Covid Act Now (CAN) is a non-profit organization of technologists, epidemiologists, and medical professionals working to model how COVID-19 will spread in each U.S. state and county.
We published the first version of our model on March 20. Since then, 10+ million Americans have viewed the model and we’ve engaged with dozens of government officials, including the U.S. Military and White House, to assist with response planning.
Today, we are launching an API to make our data programmatically available to everyone.
Our API exposes:
Reported Data: State and county level data for confirmed cases, deaths, and hospital bed capacity. The data is collected from a number of sources, including The New York Times, and is updated daily.Forward Projections: State and county level projections for hospitalizations and deaths based on several possible interventions. This data is generated from our model.
By launching a public API, we are making the data that powers CovidActNow.org available to anyone, free of charge, under the Creative Commons 4.0 license. The data is updated daily around midnight U.S. Pacific Time, and is available in both JSON and CSV format.
You can view the documentation on GitHub.
By making this data available, we are hoping it will be a helpful input into COVID efforts such as response planning, reopening initiatives, data visualization, and the creation of new tools.
Since Covid Act Now launched on March 20, our team has spent significant time refining our model. It is originally based on a traditional SEIR model by Dr. Alison Hill at Harvard, and now Dr. Rebecca Katz and her team at the Georgetown Center for Global Health Science and Security audits our work. In the past few weeks we’ve made several improvements, including adding hospitalization and severity rates, data sources, and inference projections.
Going forward, our organization will be focusing on providing data to leaders to inform their decisions around reopening safely.
Our work is being done in the open, and you can find our model open-sourced on GitHub.
Using the API
To get data from our API, you’ll need to construct a URL with the state or county, the intervention type, and append .json or .csv. For example:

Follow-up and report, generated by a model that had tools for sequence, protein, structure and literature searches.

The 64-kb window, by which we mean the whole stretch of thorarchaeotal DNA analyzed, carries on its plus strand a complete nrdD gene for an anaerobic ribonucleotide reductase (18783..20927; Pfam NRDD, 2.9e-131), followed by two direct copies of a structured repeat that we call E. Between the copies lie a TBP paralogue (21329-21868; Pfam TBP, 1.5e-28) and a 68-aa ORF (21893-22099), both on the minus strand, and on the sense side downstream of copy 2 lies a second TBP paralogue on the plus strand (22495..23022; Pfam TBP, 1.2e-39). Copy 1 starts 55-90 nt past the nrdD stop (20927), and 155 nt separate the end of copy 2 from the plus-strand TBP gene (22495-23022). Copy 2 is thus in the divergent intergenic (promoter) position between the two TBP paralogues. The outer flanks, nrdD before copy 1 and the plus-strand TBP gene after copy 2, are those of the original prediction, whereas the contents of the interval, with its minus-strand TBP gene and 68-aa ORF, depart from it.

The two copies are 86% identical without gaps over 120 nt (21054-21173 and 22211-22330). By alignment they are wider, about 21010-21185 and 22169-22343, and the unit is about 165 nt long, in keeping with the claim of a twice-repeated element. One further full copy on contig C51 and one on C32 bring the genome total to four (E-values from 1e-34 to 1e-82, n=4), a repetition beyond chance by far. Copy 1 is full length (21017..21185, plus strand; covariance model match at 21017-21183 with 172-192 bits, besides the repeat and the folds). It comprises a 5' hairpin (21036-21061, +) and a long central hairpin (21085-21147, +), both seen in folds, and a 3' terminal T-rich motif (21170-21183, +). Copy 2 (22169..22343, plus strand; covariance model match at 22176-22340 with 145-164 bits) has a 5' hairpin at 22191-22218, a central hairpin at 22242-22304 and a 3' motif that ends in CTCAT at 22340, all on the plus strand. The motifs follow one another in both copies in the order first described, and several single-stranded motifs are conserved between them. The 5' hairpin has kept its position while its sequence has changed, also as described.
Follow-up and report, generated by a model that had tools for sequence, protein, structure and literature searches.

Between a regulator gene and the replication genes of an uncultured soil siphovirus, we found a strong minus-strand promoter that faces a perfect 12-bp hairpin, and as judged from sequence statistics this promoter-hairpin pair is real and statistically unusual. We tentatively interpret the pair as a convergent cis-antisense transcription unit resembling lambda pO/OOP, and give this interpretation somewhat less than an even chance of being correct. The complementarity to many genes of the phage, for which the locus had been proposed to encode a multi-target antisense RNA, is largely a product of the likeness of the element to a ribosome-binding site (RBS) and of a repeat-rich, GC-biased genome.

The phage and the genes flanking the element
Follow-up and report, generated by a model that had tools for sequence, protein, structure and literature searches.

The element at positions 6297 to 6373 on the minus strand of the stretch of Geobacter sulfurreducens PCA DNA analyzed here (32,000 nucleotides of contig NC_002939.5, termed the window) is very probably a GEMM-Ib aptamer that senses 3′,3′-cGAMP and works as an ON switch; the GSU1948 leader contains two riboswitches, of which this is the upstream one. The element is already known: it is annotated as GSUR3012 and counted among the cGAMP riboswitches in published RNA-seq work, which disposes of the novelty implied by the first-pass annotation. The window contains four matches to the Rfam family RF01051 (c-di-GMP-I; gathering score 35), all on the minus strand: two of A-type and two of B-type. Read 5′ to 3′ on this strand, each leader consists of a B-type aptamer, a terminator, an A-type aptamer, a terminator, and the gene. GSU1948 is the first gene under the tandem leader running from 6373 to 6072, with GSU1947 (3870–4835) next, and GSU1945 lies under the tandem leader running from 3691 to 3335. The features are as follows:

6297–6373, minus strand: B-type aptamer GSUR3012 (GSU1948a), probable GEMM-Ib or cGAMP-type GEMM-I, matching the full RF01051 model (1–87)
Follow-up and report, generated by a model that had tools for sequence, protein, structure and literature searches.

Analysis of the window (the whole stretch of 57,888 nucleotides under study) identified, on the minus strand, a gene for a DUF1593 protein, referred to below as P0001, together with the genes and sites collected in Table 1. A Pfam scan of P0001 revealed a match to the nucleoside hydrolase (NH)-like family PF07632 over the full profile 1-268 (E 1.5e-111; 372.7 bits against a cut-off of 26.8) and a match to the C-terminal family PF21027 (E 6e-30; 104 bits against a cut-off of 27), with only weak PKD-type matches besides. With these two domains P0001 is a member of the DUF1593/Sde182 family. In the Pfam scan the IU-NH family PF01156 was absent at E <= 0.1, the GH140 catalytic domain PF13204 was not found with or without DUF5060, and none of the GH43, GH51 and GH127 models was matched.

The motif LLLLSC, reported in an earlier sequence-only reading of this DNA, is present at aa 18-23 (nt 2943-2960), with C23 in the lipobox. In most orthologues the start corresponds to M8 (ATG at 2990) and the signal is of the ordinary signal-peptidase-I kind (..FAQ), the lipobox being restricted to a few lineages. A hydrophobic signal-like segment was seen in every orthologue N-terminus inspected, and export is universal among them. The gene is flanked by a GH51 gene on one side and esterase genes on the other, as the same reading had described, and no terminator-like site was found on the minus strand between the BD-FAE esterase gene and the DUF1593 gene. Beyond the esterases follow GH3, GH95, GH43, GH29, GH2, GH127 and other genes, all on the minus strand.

+ [ STATE CODE (CA, PA, NV) ] + [ .INTERVENTION_OPTION ] + [ .timeseries.json ]
JSON objects can be easily manipulated with code, while CSV (comma separated values) can be easily imported into Google Sheets or Excel.
The intervention choices are:
API ParameterIntervention TypeR AssumptionsNO_INTERVENTIONNone3.7WEAK_INTERVENTIONSocial Distancing1.7STRONG_INTERVENTIONShelter in Place1.1 for 4 weeks, 1.0 for 4 weeks, 0.8 for 4 weeks.OBSERVED_INTERVENTION–A dynamic forecast based on the observed data in a given U.S. state
Two notes on interventions:
OBERSERVED_INTERVENTION infers an R(t) value from recent cases, hospitalizations, and deaths in each state.To see more details on each intervention and sources for our R assumptions, please see our model references and assumptions.
For example, this link returns an aggregated list of how COVID will spread in every U.S. State based on observed data, in CSV format:
And this is Dakota County, Minnesota’s data for how COVID would spread if it reopened everything tomorrow, in JSON format. (Note that we’re constructing the URL with the FIPS code for the county.)
Open this link in your browser now to see the data:
Hopefully these examples give you a taste of how to use the API. For all the details, see the documentation on GitHub.
In the future, we intend to make more data available, including:
Additional file formats like shapefiles for GIS systems.Integrations with data visualization products, like Tableau.
Please Play Around!
In order to accelerate decision making, safely re-open the country, and, ultimately, save lives, a massive, unprecedented collaboration across government, business, and the general public is needed.
We hope this data plays a small part in that collaboration, and we’re excited to see how it is used, visualized, integrated, and transformed to make a difference.
To learn more about Covid Act Now, visit our about page. For more information please reach out on our contact page or by email at email@example.com.
Thanks to Addy Osmani, Chad Arimura, Ilya Voldarsky, Josh Dzielak, Max Lynch, Paul Irish, and Steve Wilmott for reading drafts of this post and giving feedback on the API.